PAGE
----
Netgear Arlo Pro .....................................................
T he Arlo Pro takes a dierent approach than most. While all the other cameras on test connect directly to your router, the Arlo includes a base station in the package. This then connects, via the supplied Ethernet cable, to a port on your router, which means your cameras’ video streams don’t consume your network’s wireless capacity.
And note the plural there, because Netgear thinks of the Arlo Pro as a camera system rather than a camera or two. You can connect up to six cameras to each base station, but don’t start thinking you’ll get economies of scale: each add-on camera costs around $320, and even the four-camera version costs $720.
Each camera only measures 7cm high, and while the white plastic finish looks vulnerable, in reality they’re all designed to withstand outdoor conditions. You could leave it out in the rain for days and not need to worry about it. They work at night too, with the infrared camera doing a respectable job of capturing the action – albeit not as well as the D-Link pair.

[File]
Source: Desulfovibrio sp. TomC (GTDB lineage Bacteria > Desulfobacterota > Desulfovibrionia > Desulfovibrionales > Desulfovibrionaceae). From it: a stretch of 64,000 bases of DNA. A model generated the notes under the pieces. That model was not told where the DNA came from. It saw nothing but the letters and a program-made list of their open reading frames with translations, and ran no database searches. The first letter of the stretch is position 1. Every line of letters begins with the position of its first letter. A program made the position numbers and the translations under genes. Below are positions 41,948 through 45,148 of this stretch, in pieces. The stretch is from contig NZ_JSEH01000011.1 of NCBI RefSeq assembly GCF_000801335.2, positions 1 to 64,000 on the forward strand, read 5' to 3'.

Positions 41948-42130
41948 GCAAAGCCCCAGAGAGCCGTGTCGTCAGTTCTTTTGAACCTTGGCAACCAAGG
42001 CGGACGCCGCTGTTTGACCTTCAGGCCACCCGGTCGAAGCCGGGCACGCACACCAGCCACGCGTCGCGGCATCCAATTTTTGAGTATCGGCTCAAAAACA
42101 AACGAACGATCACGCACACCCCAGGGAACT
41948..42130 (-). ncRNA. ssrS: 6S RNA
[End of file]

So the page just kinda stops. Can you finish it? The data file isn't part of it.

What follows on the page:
Netgear even supplies fittings in the box, so you could mount one on an external wall and two on internal walls. Then, you only need remove the cameras when you need to recharge them – the fixtures are magnetic, so that’s far simpler than it sounds. I found they lasted for a couple of weeks between charges if action was minimal, and around a week if they were activated multiple times per day.
Most of the time you’ll probably use the app to view the footage, with the Arlo typically recording in ten-second segments when it detects motion; you can select what’s recorded and when in the app. The action shows a thumbnail image of who or what was caught in motion, so you then click play. The video isn’t recorded locally but to the cloud, and you get free storage for seven days – if you want to hold on to them for longer, you need to manually download it or pay for extra cloud storage.
Audio is recorded too, and it’s even possible to have “live” conversations with people remotely: in the Live view, press the mic button and it acts like a walkie-talkie. The camera records at 720p at 30fps, and image quality is respectable. You’ll have no trouble recognising faces, even if colours are rather saturated and compression is obvious. What it doesn’t oer is extra features such as face recognition.
But this isn’t really a rival to the Netatmo Welcome. Instead, the Arlo Pro should be thought of as a rival to a fully fledged security alarm.